Your shin muscles are used when you play the pedals with your heels down. These muscles allow you to lift your feet up and down. 

Many drummers prefer playing with their heels down, and this causes them to work their shins more than drummers who play with their heels up. 

Some drummers switch between heel-down and heel-up stances when drumming. These drummers will have their calf muscles and shin muscles worked according to which stance they use at different times. 

The best way to work your calves and shins is to do leg raises. This will increase endurance. If you play with a double pedal, your calves and shins will be worked even more than other drummers. 

Core Muscles

Core Muscles

Your core muscles are always activated when playing the drums, as you’re typically sitting on a chair with no backrest. Your core muscles keep you stable, and your posture becomes better when you have good core strength

It’s essential to have good posture when drumming so that you don’t develop back problems, so working on your core will help you keep your upper body stabilized. 

If you find yourself slouching at the drum kit, it’s most probably because you’re not using your core muscles as much as you should be. Crunches and planks are excellent exercises to help in this area. 

Hip Flexors

Your hip flexors are the muscles that connect your legs to your waist. These are used in drumming when you lift your legs to play the pedals.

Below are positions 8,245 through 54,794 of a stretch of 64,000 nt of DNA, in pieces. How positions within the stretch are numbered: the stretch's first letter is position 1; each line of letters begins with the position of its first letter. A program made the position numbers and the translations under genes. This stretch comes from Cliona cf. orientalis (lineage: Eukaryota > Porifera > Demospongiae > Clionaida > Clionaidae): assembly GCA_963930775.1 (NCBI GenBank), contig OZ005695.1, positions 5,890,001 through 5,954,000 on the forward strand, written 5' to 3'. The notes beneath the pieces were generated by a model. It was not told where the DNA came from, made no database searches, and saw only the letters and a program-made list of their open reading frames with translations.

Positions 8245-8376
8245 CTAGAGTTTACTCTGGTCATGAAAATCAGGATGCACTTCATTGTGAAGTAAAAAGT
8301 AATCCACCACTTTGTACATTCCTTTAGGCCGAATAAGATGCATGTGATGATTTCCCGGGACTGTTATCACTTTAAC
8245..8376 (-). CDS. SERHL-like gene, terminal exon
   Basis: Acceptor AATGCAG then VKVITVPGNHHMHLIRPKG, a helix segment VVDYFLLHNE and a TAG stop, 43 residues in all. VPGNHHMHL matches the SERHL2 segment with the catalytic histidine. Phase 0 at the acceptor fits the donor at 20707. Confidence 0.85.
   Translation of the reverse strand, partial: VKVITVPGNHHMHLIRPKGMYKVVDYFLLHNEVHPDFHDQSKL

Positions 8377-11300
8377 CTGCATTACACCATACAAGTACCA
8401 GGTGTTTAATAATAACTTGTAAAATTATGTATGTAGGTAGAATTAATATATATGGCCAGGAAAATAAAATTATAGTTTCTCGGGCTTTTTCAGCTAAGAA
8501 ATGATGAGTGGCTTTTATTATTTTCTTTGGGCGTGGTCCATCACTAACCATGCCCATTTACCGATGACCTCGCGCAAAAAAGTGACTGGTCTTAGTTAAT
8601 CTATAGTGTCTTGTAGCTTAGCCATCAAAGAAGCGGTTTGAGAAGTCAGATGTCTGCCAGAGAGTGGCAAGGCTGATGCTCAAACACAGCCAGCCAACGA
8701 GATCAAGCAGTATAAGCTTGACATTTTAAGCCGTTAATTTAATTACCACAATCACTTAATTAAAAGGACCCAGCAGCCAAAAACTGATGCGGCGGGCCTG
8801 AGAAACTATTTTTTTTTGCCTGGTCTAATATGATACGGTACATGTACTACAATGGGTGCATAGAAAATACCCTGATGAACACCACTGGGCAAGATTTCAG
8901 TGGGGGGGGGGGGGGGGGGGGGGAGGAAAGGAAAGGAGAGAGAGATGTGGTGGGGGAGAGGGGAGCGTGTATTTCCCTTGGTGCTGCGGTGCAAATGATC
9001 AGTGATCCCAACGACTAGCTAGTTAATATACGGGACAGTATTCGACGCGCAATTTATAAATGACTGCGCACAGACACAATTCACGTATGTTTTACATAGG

Drummers who play with their heels up tend to work their hip flexors a lot more while playing, but heel-down drummers also use these muscles when they raise their legs to play loud strokes on the pedals. 

The trick with these is that you shouldn’t be stressing them too much. If your drum throne height is too low, you’ll work your hip flexors than you should. So, make sure to sit high enough to let gravity do the work. 

Does Drumming Give You Muscle?

Drumming doesn’t give you muscle in the same way that lifting weights will. The way to build muscle is to break your muscle fibers down to build them back up stronger. When playing the drums, you don’t put enough strain on your muscles to break down those fibers. 

If drumming did give you muscle mass, we’d all be a lot more muscular than we currently are. So, the idea that drummers become muscular is mostly a myth. 

However, drumming does do a great job of toning your muscles slightly. The results aren’t life-changing, but they’re proof that drumming is good for your body. 

Final Thoughts

To give a quick recap on what muscles drumming works, every drummer utilizes their forearms, triceps, shoulders, calves, shins, core, and hip flexors when playing the drums.

All the best drumming techniques will have you utilizing these muscles to play things on the drums that would typically feel difficult for your body. The more you play the drums, the more these muscles will develop and get worked. 

Just remember that playing the drums won’t give you huge muscles. You need to go to the gym and eat for that.